The conference chairs and program committee are delighted to announce the opening keynote lecture will be given by professor Joy Hirsch.
Joy Hirsch PhD is the Elizabeth Mears and House Jameson Professor of Psychiatry, Neuroscience, and Comparative Medicine at Yale School of Medicine, New Haven, CT USA; Sr. Investigator in the Haskins Laboratory, New Haven CT, USA; and Professor of Neuroscience in the Department of Medical Physics and Biomedical Engineering at University College London, UK.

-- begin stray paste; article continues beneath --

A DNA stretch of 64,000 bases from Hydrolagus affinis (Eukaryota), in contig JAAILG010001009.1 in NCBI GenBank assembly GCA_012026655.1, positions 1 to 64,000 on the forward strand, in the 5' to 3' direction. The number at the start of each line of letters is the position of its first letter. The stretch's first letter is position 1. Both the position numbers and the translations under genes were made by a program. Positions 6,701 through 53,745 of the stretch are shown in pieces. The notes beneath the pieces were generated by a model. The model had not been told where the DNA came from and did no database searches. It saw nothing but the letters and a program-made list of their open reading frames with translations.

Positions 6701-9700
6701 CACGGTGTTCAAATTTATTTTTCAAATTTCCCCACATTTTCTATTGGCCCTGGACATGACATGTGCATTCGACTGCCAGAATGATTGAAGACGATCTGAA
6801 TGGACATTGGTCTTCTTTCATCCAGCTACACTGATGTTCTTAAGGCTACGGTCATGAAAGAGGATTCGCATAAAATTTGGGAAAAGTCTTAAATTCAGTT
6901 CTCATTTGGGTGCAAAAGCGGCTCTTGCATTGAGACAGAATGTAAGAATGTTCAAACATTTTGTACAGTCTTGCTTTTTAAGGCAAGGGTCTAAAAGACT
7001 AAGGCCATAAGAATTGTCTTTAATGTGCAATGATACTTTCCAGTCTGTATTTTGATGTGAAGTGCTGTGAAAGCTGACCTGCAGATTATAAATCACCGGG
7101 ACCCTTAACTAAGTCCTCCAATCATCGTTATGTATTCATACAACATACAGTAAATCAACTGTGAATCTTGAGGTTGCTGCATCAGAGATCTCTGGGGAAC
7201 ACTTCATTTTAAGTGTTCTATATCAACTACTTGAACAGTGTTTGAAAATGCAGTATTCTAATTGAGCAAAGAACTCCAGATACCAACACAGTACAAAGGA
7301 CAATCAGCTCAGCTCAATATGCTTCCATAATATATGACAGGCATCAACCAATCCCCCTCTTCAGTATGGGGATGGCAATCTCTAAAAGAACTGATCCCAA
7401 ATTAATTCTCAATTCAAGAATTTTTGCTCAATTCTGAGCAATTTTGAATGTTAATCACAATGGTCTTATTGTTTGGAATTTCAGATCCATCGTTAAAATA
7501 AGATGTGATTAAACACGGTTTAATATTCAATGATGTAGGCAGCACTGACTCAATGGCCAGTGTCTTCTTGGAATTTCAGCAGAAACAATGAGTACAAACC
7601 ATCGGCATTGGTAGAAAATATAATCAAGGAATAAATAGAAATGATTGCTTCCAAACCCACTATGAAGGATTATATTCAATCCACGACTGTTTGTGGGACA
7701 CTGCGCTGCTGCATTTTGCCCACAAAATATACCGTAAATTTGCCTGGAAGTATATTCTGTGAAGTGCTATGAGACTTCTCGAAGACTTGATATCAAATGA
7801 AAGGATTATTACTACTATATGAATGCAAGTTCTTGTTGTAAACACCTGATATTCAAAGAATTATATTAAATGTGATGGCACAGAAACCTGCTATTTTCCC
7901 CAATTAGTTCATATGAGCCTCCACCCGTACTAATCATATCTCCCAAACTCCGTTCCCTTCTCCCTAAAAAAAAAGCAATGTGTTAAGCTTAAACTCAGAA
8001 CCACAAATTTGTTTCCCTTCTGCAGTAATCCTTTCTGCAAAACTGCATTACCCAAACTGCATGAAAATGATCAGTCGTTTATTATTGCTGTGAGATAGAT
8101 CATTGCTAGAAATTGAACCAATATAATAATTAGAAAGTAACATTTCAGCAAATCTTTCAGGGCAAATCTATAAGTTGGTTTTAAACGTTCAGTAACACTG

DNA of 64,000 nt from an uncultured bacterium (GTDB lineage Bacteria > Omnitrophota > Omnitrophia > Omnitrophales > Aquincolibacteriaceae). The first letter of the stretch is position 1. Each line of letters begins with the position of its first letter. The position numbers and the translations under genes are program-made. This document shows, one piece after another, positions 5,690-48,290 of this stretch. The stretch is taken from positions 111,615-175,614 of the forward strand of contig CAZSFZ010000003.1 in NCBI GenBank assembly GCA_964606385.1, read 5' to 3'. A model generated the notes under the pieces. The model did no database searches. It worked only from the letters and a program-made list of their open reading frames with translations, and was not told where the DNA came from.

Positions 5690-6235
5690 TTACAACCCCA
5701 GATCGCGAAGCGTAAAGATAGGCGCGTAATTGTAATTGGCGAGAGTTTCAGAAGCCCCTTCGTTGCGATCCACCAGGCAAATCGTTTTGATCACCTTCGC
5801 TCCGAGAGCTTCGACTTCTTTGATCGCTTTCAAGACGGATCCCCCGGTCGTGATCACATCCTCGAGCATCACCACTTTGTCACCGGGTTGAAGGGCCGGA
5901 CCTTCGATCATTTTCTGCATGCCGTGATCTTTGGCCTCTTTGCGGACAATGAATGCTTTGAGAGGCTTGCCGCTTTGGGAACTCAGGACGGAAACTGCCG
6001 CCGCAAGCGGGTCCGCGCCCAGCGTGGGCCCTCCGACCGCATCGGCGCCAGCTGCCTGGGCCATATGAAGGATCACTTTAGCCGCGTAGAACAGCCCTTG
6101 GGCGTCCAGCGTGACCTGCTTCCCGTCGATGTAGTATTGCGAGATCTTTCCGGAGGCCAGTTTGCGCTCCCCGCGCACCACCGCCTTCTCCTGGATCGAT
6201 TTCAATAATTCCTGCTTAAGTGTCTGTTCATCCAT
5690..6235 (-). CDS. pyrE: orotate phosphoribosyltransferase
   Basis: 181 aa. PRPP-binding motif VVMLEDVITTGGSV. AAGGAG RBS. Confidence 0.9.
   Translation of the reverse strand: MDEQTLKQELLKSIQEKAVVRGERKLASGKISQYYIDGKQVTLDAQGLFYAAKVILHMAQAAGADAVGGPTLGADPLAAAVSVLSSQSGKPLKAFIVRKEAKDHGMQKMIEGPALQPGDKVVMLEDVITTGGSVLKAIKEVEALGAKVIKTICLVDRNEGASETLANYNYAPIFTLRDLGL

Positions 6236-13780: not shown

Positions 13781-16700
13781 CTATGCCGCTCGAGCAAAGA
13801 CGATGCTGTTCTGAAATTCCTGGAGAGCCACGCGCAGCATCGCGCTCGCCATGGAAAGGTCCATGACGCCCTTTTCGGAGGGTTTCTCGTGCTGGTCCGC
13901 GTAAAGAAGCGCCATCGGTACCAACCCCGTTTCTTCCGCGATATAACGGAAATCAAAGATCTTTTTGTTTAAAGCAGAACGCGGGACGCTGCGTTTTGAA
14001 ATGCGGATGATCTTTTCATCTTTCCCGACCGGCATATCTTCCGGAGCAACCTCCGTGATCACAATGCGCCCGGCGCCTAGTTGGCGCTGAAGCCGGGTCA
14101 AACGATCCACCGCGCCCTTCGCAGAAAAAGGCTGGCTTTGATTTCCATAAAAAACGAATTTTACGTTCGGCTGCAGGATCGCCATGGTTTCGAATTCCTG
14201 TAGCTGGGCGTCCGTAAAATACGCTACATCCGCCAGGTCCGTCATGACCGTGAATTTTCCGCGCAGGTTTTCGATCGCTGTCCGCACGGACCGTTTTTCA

She is currently the Director of the Brain Function Laboratory at Yale University (http://fmri.org) and the Principal Investigator of research that aims to understand the neural mechanisms that underlie dynamic two-person interactions. Prior to joining the faculty at Yale, she was the founder and head of the fMRI Research Center at Columbia University in NY where her research focused on neuroimaging studies aimed at understanding the neural mechanisms for cognitive and perceptual functions as well as mapping essential functions for patients scheduled for neurosurgical procedures. By retooling this background in fMRI and neuroscience, she and her lab members have pioneered hyperscanning techniques (neuroimaging of two people simultaneously) using functional near infrared spectroscopy (fNIRS) in order to understand the neural underpinnings of live social and communicative processes that occur in natural settings. Her foundational research serves as a cornerstone for the new “neuroscience of two” and the emerging theoretical frameworks that generate novel research directions and insights into the neurological bases for our social brain. Professor Hirsch is a popular teacher, an international lecturer on the brain and its functions; she and her students have published more than 150 research papers on the brain and she is an author on a recently published book titled, Body, Brain, Behavior: Three views and a Conversation that addresses the goal of creating connections between diverse academic disciplines in neuroscience.